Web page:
Disney Heiress Abigail Disney, the granddaughter of co-founder Roy Disney and grand-niece of Walt Disney, has been a long time critic of the mega-salaries of CEOs and the government giving the top 1% tax breaks. Recently on Twitter, Ms. Disney criticized current Disney CEO Bob Iger and other Disney executives for receiving bonuses and stock awards worth around $62 million last year. The amount lower tier executives and constituents received is unknown, but is estimated to be potentially millions of dollars more.
Last year Iger’s salary was nearly $66 million (1,424 times the median salary of a Disney employee), which Ms. Disney called “insane.” Disney proposes that the company’s executives set aside half of their bonuses for the bottom 10% of their 200,000 employees.
Currently, employees of the Disney parks in Anaheim, California make $15 an hour with a median salary of $46,127. Workers in the Florida parks make even less, though Disney has stated that Florida workers will make $15 an hour by 2021.
Ms. Disney has stated that she does not want government tax breaks and has insisted that the government tax the top 1% even more. In an op-ed for The Washington Post, Ms. Disney doubled down on her criticism of the company’s treatment of employees:
“[…] At the pay levels we are talking about, an executive giving up half his bonus has zero effect on his quality of life. For the people at the bottom, it could mean a ticket out of poverty or debt. It could offer access to decent health care or an education for a child.
Here is my suggestion to the Walt Disney Co. leadership. Lead. If any of this rings any moral bells for you, know that you are uniquely situated to model a different way of doing business. Reward all of your workers fairly. Don’t turn away when they tell you they are unable to make ends meet. You do not exist merely for the benefit of shareholders and managers. Reward all the people who make you successful, help rebuild the American middle class and respect the dignity of the men and women who work just as hard as you do to make Disney the amazing company it is.”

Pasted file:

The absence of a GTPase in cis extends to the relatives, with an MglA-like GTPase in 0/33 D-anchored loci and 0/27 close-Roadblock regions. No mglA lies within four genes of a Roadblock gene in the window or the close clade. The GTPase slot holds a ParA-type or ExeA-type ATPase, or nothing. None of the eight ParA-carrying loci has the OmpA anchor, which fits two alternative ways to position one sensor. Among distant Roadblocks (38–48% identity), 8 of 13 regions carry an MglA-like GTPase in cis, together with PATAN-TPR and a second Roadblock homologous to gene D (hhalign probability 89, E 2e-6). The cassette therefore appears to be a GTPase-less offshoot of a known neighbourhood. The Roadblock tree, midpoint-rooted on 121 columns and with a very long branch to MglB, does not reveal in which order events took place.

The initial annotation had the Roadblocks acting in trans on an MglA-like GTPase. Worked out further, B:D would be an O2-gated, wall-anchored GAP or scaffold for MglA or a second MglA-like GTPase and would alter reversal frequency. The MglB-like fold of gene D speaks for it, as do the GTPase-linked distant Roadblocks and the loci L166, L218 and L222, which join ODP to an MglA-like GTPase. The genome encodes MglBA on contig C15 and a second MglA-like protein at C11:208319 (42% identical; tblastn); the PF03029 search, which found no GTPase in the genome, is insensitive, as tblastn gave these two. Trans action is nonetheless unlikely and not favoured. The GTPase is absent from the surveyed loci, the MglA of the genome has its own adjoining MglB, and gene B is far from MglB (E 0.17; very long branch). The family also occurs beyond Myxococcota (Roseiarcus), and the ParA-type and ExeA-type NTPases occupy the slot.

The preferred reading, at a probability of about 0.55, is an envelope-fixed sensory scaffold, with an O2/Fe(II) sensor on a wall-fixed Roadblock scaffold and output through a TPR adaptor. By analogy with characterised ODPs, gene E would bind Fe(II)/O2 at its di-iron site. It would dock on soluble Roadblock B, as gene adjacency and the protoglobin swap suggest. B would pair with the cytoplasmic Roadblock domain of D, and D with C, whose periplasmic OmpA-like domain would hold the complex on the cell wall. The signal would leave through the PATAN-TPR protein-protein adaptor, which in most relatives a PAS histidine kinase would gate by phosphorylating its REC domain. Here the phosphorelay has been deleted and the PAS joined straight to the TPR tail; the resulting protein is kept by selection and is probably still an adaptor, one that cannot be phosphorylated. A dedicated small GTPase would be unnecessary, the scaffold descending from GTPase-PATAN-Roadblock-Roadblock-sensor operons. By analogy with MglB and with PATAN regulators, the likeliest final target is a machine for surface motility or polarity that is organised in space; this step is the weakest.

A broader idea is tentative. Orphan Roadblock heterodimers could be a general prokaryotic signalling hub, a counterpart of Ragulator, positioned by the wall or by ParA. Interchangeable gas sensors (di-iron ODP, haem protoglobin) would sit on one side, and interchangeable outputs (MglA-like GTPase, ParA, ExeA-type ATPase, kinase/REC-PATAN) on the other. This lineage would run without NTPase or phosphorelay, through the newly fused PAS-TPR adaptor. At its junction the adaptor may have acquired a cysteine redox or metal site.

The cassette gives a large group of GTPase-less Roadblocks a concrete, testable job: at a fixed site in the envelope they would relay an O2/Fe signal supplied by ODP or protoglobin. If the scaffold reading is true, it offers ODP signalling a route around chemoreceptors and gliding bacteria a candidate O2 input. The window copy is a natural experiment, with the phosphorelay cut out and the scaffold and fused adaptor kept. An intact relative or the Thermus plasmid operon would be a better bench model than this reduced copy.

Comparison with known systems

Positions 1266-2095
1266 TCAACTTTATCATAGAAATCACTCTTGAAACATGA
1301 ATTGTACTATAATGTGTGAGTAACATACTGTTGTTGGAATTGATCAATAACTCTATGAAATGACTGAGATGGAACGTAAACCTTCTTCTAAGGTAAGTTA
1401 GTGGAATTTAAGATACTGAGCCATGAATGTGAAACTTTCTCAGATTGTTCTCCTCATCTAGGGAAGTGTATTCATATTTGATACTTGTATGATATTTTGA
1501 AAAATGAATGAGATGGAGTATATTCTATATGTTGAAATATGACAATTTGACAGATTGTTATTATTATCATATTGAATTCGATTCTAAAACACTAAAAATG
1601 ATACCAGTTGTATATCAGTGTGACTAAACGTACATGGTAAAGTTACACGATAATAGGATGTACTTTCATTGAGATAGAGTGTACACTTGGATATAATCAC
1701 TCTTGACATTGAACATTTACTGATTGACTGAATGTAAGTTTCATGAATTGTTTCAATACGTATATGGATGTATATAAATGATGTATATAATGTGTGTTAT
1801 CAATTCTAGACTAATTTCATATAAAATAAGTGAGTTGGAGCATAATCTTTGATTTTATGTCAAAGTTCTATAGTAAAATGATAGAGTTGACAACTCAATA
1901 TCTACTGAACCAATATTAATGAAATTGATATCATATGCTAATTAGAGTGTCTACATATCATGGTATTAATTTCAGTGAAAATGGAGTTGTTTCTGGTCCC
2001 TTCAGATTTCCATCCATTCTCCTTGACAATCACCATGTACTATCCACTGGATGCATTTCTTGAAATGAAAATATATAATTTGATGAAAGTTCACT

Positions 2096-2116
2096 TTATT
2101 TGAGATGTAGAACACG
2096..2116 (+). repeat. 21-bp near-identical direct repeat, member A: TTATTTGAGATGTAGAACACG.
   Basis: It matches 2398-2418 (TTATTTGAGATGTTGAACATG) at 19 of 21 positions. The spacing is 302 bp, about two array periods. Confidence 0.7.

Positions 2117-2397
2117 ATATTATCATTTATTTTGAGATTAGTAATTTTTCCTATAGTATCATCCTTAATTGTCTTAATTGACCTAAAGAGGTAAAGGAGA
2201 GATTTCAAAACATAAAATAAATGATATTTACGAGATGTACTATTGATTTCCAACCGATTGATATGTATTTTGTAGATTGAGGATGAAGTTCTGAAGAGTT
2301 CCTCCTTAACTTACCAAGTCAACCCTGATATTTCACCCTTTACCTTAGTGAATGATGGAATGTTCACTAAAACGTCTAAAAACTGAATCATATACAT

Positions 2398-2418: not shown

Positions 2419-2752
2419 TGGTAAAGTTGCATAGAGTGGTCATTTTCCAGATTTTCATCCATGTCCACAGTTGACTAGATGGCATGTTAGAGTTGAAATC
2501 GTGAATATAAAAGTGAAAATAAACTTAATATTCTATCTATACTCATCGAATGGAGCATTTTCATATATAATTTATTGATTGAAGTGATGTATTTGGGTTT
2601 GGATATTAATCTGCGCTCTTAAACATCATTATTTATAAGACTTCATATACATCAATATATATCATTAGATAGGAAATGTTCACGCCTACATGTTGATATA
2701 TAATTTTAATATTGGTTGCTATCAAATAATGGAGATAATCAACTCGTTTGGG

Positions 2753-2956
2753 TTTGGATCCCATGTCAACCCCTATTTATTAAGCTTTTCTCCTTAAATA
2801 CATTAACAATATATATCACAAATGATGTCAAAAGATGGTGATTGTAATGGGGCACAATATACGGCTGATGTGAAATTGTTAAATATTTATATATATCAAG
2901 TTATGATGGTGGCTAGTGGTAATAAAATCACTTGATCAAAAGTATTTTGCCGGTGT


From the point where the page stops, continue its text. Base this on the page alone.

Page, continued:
In light of the criticism, Disney defended its salary practices in a statement to the New York Times:
“Disney has made historic investments to expand the earning potential and upward mobility of our workers, implementing a starting hourly wage of $15 at Disneyland that’s double the federal minimum wage[.]”
In the fall of 2016, a homeless Disney janitor died alone in her car at the age of 61. As reported by VICE, in a 2018 survey, 73% of Disney employees said they don’t make enough to cover basic expenses such as housing, food, and medical care. The $15 CA minimum wage was only implemented this year after union negotiations that lasted several years (and the company has a long history with anti-union tactics. So much for the pro-labor Newsies). Over the past decade, wages have not risen with current inflation trends. Many park workers face homelessness in addition.
As of 2018, the company has a net worth of $98 billion. Their worth is expected to only grow in light of the recent Disney-Fox merger.
While Ms. Disney’s criticisms are important, and she has set up multiple nonprofits which give back to marginalized communities, it should be noted she has a net worth of $500 million. For all of her talk, why doesn’t she redistribute some of her wealth to the park workers who are so underpaid? How does a woman who so openly criticizes the wealthy not give her own excess of riches to those her family has taken advantage of and disenfranchised?
In addition, Disney actor Robert Downey Jr. and Infinity War screenwriters, directors, producers and principal actors were paid hundreds of millions of dollars. Most Marvel and Star Wars films make over a billion dollars. These past weekend Avengers: Endgame made over a billion dollars globally in a matter of days.
Disney has plenty of money and even more coming their way. This fall, when you start your annual payments of the streaming service Disney+ (don’t act like you aren’t going to get it), just be sure to remember the park workers who make $15 an hour from a company worth billions of dollars.
Top image: Flickr
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